Mozart is the highest, the culminating point that beauty has attained in the sphere of music.
A world that has produced a Mozart is a world worth saving. What a picture of a better world you have given us, Mozart!
Beethoven I take twice a week, Haydn four times, and Mozart every day!
Mozart’s music is the mysterious language of a distant spiritual kingdom, whose marvelous accents echo in our inner being and arouse a higher, intensive life.
Melody is the essence of music. I compare a good melodist to a fine racer, and counterpointists to hack post-horses; therefore be advised, let well alone and remember the old Italian proverb: ‘Chi sa più, meno sa— Who knows most, knows least.
Mozart (spoken to actor Michael Kelly)
I have always reckoned myself among the greatest admirers of Mozart, and shall do so till the day of my death.
Ludwig van Beethoven
When Baudelaire was young, his stepfather tried to convince him to quit poetry. While he saw Baudelaire’s determination, he demanded him to write poem about exotic lands and certainly not about the dirty and dark Paris, therefore he would pay him a trip to India. Baudelaire accepted. While the poet was on boat he stand out from the other passengers. One day, the crew killed an albatross because the boat crossed a line or something; it was a tradition at that time. After they killed the bird they played with it like an unsignificant thing. When Baudelaire saw this scene* he run and attacked the crew. Indeed, men feel confident and superior enough to despise the weak, the wild and the beautiful whereas as an artist Baudelaire spent his life admiring Beauty. He indentified himself with the bird and wrote a poem about it (see the poem below). He never reached India, and came back in Paris because he missed it. Baudelaire and Paris make one.
*This episode was related by a passenger and i read it in a biography of Baudelaire by Henri Troyat member of the Académie Française.
Souvent, pour s’amuser, les hommes d’équipage
Prennent des albatros, vastes oiseaux des mers,
Qui suivent, indolents compagnons de voyage,
Le navire glissant sur les gouffres amers.
À peine les ont-ils déposés sur les planches,
Que ces rois de l’azur, maladroits et honteux,
Laissent piteusement leurs grandes ailes blanches
Comme des avirons traîner à côté d’eux.
Ce voyageur ailé, comme il est gauche et veule!
Lui, naguère si beau, qu’il est comique et laid!
L’un agace son bec avec un brûle-gueule,
L’autre mime, en boitant, l’infirme qui volait!
Le Poète est semblable au prince des nuées
Qui hante la tempête et se rit de l’archer;
Exilé sur le sol au milieu des huées,
Ses ailes de géant l’empêchent de marcher.
— Charles Baudelaire
Sometimes for sport the men of loafing crews
Snare the great albatrosses of the deep,
The indolent companions of their cruise
As through the bitter vastitudes they sweep.
Scarce have they fished aboard these airy kings
When helpless on such unaccustomed floors,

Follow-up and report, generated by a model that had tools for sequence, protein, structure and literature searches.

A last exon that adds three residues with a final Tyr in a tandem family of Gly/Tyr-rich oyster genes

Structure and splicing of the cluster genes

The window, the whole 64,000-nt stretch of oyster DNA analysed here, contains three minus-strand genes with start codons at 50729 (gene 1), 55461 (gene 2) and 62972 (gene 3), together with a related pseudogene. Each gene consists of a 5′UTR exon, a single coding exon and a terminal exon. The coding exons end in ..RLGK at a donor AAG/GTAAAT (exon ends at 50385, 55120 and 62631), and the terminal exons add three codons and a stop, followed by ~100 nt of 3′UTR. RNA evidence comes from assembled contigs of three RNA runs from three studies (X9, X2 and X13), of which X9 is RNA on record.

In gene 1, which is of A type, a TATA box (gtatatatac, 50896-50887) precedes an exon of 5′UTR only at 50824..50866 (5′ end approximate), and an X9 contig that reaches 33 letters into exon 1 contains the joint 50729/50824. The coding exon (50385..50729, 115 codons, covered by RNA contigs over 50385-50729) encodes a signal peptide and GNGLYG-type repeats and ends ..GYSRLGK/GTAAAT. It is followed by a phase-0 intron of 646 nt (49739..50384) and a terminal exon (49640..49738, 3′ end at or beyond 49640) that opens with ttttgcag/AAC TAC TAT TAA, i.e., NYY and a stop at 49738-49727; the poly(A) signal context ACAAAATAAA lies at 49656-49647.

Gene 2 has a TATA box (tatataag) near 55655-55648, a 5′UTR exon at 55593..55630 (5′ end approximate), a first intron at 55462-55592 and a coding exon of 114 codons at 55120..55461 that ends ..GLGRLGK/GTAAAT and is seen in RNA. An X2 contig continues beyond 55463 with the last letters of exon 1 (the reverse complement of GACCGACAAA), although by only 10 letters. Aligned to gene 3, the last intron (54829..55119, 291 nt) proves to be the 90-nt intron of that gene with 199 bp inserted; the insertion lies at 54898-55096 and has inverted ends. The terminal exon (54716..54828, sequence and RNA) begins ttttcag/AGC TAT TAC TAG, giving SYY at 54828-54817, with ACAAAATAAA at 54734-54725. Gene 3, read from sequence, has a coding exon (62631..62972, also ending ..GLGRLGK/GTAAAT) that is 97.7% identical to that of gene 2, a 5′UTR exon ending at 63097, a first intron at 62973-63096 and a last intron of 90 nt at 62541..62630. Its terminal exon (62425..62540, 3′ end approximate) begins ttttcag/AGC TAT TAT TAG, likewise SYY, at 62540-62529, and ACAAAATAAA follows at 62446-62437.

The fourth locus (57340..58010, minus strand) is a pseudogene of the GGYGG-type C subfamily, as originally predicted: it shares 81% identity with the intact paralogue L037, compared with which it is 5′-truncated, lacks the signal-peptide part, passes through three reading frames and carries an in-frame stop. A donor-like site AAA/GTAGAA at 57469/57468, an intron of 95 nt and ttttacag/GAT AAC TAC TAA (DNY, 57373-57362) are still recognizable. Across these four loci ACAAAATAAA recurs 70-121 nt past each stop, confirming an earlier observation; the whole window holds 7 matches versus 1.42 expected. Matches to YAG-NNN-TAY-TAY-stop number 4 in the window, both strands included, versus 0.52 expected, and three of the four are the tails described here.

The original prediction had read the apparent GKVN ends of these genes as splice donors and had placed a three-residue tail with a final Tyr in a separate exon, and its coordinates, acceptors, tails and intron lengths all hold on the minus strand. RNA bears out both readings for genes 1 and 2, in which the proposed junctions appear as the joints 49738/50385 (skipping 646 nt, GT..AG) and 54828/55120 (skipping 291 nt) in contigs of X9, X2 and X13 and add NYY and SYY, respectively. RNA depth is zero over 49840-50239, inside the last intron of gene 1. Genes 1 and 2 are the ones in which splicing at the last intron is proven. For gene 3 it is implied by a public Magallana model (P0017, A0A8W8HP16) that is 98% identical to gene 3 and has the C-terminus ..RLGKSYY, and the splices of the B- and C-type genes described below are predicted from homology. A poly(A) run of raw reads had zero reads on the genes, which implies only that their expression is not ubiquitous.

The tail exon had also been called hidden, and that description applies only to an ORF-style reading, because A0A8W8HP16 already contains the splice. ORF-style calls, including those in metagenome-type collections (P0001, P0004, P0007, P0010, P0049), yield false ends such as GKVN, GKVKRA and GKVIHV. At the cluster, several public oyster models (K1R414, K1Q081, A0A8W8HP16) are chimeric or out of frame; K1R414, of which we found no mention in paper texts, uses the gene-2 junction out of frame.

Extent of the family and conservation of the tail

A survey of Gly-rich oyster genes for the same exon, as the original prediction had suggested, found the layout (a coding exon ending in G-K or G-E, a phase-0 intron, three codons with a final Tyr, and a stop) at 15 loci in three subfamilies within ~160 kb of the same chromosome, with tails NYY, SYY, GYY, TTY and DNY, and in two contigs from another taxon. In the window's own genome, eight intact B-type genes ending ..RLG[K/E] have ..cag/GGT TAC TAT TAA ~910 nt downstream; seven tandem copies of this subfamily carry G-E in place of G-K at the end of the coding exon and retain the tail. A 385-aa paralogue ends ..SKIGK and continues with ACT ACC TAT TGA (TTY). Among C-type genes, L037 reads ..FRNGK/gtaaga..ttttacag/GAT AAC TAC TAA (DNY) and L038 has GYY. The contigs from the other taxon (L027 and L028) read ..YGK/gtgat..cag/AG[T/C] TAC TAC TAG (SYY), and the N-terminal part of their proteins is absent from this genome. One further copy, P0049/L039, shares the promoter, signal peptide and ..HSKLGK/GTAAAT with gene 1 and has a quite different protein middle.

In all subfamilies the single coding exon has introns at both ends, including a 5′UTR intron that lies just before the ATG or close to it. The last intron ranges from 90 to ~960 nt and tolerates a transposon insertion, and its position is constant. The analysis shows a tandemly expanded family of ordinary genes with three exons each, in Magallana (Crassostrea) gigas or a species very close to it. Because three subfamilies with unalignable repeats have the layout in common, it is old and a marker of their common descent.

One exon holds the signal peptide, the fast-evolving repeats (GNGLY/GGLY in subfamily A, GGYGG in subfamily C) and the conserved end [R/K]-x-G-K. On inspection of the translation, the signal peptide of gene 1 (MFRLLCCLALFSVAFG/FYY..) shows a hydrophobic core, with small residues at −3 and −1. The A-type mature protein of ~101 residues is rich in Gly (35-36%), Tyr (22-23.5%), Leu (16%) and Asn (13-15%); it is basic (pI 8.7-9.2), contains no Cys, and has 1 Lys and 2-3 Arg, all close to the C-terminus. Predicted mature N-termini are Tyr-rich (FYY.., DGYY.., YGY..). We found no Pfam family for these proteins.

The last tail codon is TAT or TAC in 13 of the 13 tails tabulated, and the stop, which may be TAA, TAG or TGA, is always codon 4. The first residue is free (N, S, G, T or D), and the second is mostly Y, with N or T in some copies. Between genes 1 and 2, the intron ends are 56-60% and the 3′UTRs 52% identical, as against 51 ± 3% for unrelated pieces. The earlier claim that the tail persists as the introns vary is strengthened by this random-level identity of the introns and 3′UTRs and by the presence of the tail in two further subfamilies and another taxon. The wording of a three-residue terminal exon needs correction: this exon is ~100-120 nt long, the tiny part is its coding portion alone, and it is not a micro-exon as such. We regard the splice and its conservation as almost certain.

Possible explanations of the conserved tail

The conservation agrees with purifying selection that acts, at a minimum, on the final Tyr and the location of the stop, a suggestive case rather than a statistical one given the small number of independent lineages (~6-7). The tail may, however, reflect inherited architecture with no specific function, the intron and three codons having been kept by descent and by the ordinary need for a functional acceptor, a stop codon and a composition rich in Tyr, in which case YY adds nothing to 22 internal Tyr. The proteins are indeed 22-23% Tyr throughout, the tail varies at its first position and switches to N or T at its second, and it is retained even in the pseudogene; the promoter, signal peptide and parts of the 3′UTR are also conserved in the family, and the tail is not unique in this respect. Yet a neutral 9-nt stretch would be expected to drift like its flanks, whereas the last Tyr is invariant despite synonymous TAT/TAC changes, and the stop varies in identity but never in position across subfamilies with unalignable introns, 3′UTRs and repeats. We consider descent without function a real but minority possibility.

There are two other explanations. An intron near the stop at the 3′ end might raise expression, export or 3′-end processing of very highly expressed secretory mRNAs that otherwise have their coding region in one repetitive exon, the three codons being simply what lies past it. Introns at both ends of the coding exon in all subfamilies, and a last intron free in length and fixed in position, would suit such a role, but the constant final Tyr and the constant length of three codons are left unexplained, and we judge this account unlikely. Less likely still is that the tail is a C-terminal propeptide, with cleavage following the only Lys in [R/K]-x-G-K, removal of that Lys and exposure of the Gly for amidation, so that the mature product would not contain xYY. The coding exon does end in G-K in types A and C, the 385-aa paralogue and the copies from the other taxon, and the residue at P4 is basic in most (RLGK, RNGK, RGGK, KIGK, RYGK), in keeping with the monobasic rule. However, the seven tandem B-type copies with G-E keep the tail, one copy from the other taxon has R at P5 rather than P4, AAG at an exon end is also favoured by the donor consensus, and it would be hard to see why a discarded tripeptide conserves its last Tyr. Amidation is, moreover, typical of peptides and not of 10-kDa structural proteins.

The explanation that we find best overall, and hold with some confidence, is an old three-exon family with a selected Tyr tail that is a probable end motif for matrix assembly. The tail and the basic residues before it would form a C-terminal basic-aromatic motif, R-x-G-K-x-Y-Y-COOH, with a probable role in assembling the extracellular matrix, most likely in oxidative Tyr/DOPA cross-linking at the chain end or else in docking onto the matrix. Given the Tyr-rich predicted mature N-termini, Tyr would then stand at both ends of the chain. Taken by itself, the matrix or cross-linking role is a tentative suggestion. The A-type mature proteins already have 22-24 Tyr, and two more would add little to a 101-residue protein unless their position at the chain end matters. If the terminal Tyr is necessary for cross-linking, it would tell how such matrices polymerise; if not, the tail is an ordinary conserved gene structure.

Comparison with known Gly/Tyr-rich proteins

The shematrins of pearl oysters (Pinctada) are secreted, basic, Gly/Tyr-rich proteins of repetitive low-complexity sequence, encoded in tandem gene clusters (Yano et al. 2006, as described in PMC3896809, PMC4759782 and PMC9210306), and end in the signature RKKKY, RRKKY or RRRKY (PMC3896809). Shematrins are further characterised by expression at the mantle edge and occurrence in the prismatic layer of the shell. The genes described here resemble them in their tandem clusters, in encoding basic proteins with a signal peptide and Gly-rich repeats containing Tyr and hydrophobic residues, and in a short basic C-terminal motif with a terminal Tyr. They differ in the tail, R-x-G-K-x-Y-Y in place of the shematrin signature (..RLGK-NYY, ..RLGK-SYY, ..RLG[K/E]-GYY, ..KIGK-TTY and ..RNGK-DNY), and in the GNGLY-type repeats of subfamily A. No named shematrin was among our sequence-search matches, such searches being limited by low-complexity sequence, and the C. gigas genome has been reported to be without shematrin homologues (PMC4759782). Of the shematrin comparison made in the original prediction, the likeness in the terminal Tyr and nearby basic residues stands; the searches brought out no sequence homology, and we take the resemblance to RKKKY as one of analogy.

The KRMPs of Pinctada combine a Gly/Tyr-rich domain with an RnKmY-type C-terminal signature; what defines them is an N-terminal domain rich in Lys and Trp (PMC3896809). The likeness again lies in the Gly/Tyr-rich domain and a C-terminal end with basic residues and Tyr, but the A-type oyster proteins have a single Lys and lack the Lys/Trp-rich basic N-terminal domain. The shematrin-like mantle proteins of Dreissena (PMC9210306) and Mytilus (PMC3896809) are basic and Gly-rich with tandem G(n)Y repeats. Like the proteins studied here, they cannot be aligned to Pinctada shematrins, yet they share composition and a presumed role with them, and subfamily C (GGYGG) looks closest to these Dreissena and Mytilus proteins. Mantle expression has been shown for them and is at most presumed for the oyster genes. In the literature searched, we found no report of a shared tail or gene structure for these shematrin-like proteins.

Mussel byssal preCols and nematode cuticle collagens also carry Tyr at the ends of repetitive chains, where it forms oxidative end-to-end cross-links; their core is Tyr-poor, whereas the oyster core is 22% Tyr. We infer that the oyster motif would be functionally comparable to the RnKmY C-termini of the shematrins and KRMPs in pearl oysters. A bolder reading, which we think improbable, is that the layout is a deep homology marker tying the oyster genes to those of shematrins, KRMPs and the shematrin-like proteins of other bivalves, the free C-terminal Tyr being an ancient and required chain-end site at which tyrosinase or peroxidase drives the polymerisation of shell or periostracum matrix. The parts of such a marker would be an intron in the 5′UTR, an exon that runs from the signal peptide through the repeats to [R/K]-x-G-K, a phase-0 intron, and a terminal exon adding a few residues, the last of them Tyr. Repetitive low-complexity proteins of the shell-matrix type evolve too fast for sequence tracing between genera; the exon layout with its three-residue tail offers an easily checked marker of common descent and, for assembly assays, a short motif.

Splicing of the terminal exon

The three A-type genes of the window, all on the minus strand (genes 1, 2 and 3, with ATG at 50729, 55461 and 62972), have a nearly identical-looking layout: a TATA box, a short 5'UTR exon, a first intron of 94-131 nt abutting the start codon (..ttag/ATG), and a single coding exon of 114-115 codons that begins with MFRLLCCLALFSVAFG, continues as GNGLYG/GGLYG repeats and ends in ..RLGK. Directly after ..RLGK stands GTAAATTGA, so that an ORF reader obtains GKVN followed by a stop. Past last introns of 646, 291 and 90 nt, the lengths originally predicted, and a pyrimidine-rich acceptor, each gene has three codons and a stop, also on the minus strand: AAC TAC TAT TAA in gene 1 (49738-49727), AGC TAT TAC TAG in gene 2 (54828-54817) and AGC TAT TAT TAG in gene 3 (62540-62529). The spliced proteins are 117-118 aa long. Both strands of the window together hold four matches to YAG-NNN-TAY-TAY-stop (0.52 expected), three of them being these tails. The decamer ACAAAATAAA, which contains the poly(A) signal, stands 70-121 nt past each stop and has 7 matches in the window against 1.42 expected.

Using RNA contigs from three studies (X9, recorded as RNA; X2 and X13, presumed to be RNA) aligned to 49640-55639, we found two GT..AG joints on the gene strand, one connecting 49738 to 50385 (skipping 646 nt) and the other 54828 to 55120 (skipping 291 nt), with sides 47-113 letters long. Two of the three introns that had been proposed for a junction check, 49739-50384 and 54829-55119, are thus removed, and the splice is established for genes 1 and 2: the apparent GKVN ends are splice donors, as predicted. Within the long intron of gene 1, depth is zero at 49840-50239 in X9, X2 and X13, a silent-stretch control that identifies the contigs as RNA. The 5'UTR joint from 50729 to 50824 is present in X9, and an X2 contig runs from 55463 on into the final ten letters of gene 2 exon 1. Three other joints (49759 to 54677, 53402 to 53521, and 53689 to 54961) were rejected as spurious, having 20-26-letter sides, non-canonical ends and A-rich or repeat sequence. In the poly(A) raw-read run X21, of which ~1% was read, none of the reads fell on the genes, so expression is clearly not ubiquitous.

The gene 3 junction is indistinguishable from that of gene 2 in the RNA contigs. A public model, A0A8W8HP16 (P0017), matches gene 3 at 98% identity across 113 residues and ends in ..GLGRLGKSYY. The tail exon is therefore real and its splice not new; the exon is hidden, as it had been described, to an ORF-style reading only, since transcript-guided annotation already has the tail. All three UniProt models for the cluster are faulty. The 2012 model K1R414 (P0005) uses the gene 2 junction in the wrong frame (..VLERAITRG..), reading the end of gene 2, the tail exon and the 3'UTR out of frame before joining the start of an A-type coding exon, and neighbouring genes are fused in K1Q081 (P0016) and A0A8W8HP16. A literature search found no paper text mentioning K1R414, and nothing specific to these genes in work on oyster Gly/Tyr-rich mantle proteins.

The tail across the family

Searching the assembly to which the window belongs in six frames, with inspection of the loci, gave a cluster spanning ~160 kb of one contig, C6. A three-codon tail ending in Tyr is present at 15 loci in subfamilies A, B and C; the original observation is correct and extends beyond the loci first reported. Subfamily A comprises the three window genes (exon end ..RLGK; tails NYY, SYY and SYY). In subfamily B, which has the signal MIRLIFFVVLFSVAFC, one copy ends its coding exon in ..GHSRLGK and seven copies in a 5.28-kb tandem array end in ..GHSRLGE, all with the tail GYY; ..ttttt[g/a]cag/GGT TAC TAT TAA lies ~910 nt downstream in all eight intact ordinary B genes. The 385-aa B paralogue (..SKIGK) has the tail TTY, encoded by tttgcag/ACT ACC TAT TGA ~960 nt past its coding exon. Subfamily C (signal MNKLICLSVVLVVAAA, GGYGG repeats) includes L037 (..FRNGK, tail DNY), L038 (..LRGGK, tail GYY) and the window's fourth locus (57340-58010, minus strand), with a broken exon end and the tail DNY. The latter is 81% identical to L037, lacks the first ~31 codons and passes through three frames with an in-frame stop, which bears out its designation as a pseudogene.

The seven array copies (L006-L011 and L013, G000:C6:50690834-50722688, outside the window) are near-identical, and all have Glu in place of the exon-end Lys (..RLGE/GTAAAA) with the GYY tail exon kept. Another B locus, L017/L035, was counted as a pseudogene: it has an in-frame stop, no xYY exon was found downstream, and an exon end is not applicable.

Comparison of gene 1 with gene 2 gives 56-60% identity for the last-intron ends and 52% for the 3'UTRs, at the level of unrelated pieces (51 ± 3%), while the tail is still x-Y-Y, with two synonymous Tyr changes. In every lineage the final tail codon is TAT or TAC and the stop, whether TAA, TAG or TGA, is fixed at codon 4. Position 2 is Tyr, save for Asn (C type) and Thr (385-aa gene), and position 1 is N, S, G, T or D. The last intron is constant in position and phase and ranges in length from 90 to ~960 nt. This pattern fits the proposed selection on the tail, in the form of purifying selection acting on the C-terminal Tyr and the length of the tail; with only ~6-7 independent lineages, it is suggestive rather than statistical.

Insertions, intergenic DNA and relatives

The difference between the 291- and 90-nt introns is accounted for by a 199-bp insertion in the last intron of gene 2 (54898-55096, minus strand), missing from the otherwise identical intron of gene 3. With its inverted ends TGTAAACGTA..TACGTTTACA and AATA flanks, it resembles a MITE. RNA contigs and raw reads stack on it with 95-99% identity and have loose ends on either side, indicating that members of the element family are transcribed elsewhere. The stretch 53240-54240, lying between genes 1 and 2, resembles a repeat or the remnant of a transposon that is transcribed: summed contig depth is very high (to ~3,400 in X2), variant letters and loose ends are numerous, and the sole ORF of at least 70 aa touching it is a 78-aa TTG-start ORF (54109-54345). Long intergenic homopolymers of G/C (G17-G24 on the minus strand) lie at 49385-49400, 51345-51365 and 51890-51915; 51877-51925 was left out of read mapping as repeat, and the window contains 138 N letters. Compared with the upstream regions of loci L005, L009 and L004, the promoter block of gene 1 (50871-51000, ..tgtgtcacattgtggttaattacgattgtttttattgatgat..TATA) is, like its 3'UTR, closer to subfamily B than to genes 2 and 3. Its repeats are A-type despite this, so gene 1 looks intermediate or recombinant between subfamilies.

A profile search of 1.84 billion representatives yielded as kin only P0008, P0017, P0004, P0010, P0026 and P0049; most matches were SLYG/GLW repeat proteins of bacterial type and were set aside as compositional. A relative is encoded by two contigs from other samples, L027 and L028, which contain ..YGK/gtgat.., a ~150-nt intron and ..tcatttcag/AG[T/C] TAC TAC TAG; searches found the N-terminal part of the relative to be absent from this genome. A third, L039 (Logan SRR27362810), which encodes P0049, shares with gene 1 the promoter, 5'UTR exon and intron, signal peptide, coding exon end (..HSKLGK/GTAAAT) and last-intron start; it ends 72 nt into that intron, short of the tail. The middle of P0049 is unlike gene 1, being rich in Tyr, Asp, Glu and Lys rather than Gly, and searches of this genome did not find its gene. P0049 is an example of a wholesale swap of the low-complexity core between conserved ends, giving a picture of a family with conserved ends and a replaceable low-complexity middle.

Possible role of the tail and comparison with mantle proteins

They piteously droop their huge white wings
And trail them at their sides like drifting oars.
How comical, how ugly, and how meek
Appears this soarer of celestial snows!
One, with his pipe, teases the golden beak,
One, limping, mocks the cripple as he goes.
The Poet, like this monarch of the clouds,
Despising archers, rides the storm elate.
But, stranded on the earth to jeering crowds,
The great wings of the giant baulk his gait.
— Roy Campbell, Poems of Baudelaire (New York: Pantheon Books, 1952)
Un port est un séjour charmant pour une âme fatiguée des luttes de la vie. L’ampleur du ciel, l’architecture mobile des nuages, les colorations changeantes de la mer, le scintillement des phares, sont un prisme merveilleusement propre à amuser les yeux sans jamais les lasser. Les formes élancées des navires, au gréement compliqué, auxquels la houle imprime des oscillations harmonieuses, servent à entretenir dans l’âme le goût du rythme et de la beauté. Et puis, surtout, il y a une sorte de plaisir mystérieux et aristocratique pour celui qui n’a plus ni curiosité ni ambition, à contempler, couché dans le belvédère ou accoudé sur le môle, tous ces mouvements de ceux qui partent et de ceux qui reviennent, de ceux qui ont encore la force de vouloir, le désir de voyager ou de s’enrichir.
A port is a charming sojourn for a soul worn out by the struggles of life. The amplitude of the sky, the mobile architecture of the clouds, the changing colors of the sea, the sparkling of the beacons, are all a prism marvelously suited to amusing the eyes without ever wearying them. The slender forms of the ships, with their complicated rigging, upon which the swell of the sea imprints harmonious oscillations, serve to preserve in the soul a taste for rhythm and beauty. And then, above all else, there is a sort of mysterious and aristocratic pleasure, for he who has neither curiosity nor ambition, in comtemplating, while lying on the belvedere or leaning his elbows against the pier, all of the movements of those who leave and those who return, of those who still have strength of will, the desire to travel, or to enrich themselves.
Charles Baudelaire (1821-1867) french poet, art critic and translator.